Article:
[N]ested within the conventional view that government is not a mammoth apparatus of coercion is the tenet that society is an organization to which we belong. Either on the view that we constitute and control the government (“we are the government”) or on the view that by deciding to live in the polity we choose voluntarily to abide by the government’s rules (“no one is forcing you to stay here”), the social democrat holds that taxation and interventions such as a minimum wage law are not coercive. The government-rule structure, as they see it, is a matter of “social contract” persisting through time and binding on the complete collection of citizens. The implication is that the whole of society is a club, a collectively owned property, administered by the government.

I was reminded of my late, former friend and Klein’s essay by an egregious encomium to American Communists by Vivian Gornick, “When Communism Inspired Americans” (The New York Times, April 29. 2017). It is a clever piece of propaganda — it even acknowledges a tiny bit of the Soviet Union’s brutality — but in the end, Gornick resorts to tawdry sentimentality:

The effective life of the Communist Party in the United States was approximately 40 years in length. Hundreds of thousands of Americans were Communists at one time or another during those 40 years. Many of these people endured social isolation, financial and professional ruin, and even imprisonment.

As if belonging to an organization dedicated to the subversion of the Constitution was somehow excusable. [UPDATE 05/03/17: Bruce Bawer adduces more evidence of Gornick’s rose-colored view of Communism.]

Those hundreds of thousands helped to advance TPR. And their sheer numbers lent an aura of undeserved respectability to the subversive aims of the Communist Party. Among the many subversives:

And that’s just a sample of a long list of known Soviet agents. Did you notice the presence on the list of the Rosenbergs, as well as a large number of government officials (Alger Hiss among them)? Protestations and “proof” of the innocence of the Rosenbergs, Hiss, and others were and are key components of the Big anti-anti-Communist Lie.

I’ll close with some of Daniel Greenfield’s commentary about Gornick’s article:

It’s inconceivable that the New York Times or any paper would run a glowing piece titled, “When Nazis Inspired Americans”. No fond recollections from participants in the Madison Square Garden rally. No fond memories of Bund camps. No sugar-coated recollections of how the Thousand Year Reich would create a better world… only to then learn that Hitler wasn’t a very nice man.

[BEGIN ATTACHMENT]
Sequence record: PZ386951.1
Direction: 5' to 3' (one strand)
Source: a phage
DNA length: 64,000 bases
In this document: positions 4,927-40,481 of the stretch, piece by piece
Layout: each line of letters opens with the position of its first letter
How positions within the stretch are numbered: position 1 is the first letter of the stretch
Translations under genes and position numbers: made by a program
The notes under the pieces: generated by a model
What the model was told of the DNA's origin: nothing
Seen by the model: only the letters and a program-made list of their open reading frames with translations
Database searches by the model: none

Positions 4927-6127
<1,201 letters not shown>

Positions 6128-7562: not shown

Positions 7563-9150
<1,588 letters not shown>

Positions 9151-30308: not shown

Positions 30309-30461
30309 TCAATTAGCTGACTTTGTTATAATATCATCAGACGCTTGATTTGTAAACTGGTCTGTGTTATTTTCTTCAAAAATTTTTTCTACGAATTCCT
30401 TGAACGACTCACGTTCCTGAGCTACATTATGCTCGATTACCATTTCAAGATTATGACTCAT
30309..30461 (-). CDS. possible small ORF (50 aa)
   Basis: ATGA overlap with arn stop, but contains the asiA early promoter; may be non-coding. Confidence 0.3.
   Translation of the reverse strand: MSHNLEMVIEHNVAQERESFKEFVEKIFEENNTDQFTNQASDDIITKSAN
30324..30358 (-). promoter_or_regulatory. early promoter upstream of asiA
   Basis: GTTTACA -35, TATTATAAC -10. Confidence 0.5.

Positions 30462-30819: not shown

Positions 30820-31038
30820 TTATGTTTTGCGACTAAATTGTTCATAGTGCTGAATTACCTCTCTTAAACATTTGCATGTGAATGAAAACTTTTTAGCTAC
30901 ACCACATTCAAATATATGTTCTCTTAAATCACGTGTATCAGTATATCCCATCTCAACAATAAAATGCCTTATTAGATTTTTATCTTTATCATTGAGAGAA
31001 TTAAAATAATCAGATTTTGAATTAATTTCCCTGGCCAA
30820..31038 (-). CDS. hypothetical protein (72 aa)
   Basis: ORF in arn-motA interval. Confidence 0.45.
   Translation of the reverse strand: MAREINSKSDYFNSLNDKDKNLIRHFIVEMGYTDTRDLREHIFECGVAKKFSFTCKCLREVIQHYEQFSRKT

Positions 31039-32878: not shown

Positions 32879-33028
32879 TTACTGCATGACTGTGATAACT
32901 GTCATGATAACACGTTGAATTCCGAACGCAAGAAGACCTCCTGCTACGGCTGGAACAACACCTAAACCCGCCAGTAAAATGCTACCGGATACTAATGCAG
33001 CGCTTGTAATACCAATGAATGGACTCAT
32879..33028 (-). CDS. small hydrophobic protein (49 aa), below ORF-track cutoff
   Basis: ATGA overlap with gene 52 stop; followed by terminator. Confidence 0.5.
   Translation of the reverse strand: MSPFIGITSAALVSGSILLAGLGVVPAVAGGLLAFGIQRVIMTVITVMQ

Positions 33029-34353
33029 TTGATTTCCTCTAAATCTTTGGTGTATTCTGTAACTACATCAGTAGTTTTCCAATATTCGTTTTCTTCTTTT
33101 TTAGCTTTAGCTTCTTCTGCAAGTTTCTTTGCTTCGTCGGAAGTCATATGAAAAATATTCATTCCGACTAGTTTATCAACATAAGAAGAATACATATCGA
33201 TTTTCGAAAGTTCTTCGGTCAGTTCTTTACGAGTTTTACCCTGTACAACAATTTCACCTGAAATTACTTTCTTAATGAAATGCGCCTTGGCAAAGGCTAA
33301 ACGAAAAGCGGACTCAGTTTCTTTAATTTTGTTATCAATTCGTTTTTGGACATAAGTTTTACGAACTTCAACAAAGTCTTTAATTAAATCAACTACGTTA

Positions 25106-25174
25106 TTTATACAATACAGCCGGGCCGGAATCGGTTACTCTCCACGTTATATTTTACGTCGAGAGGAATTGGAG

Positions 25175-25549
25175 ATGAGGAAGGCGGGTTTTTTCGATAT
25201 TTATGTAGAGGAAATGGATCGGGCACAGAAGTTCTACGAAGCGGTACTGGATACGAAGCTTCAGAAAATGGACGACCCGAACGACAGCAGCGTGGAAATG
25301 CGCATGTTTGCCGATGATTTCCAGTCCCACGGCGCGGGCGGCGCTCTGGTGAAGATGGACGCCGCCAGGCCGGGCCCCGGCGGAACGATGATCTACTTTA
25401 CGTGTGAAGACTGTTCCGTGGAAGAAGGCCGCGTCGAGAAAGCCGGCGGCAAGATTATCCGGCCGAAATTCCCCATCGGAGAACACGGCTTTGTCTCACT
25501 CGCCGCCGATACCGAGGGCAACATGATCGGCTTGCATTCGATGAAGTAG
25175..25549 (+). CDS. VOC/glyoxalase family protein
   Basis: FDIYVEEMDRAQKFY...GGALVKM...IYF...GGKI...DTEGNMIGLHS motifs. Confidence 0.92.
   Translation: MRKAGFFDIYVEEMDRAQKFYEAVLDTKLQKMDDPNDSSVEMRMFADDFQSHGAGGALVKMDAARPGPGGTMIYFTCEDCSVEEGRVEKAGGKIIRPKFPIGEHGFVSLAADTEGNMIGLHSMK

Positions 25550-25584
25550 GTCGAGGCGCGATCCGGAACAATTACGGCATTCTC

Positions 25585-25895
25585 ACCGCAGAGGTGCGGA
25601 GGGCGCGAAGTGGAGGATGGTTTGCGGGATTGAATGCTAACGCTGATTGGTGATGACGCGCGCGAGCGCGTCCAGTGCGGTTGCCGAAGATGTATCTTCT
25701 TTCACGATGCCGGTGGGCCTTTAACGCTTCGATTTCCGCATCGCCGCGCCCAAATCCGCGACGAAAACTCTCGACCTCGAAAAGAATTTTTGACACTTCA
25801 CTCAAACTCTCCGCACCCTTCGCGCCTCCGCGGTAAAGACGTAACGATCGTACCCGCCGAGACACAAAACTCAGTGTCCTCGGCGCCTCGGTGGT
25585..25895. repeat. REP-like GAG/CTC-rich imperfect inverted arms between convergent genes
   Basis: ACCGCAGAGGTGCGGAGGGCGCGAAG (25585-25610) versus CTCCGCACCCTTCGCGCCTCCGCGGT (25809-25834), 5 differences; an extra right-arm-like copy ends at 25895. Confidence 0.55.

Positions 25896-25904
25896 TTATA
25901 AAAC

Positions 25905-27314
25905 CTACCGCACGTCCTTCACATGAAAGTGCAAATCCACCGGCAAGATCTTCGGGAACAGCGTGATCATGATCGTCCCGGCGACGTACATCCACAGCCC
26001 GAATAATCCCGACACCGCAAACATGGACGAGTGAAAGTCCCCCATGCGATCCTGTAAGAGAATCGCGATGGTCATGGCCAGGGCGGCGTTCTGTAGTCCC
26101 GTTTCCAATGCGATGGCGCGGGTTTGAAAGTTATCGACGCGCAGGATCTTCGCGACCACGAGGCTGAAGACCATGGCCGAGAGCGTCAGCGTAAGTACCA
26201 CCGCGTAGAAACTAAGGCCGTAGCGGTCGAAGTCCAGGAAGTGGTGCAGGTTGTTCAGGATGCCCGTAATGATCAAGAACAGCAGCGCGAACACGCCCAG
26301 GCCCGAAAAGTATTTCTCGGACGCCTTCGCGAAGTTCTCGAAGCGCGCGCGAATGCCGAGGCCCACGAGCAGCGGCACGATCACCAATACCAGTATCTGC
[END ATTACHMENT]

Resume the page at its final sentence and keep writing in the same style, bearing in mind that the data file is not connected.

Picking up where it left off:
But the New York Times will run “When Communism Inspired Americans”. It will run it because while Communism didn’t inspire Americans, it did inspire the left to try and turn America into a totalitarian state. It still does. This is the dirty little secret that leaks out of the left….

Nazis don’t get a forum to pour out their romantic nostalgia for attending Hitler rallies. Communists do because the left sympathizes with them. It must offers occasional apologies and disavowals, but the love for a horrifying ideology that was totalitarian all the way down, whose mass murder of millions was not an accident of fate, but was always an integral part of it, tells the truth about the left.

The rest is tiresome. The same recitations of “We knew nothing”. As if the crimes of Communism had been some sort of mystery until Khrushchev admitted them….

After all the mass murders and crimes have been admitted, the left always returns to this nostalgia. Yes, maybe Stalin was bad. But his followers were principled. Maybe the USSR was bad, but the American Communists, quite a few of whom were willing to kill and commit treason in its name, were fine people. Just like the Founding Fathers.

History is in them.

This is the left. It returns, like a dog to its vomit, to the dream of the true radicalism of a totalitarian leftist state. It occasionally deals with uncomfortable truths. Circles around them. And then it lapses back into an opium dream of Marxists sitting around a kitchen table and debating whom to shoot first. [“New York Times: When Communism Inspired Americans,” FrontPage Magazine, May 1, 2017]

Amen.


Related posts:
The People’s Romance
The Near-Victory of Communism
Tocqueville’s Prescience
The Left
An Encounter with a Marxist
Our Enemy, the State
The Left’s Agenda
The Left and Its Delusions
The Spoiled Children of Capitalism
Tolerance on the Left
The World Turned Upside Down
Parsing Political Philosophy (II)
Romanticizing the State
Freedom of Speech and the Long War for Constitutional Governance
The Left and “the People”
Liberal Nostrums
FDR and Fascism: More Data

Quotation of the Day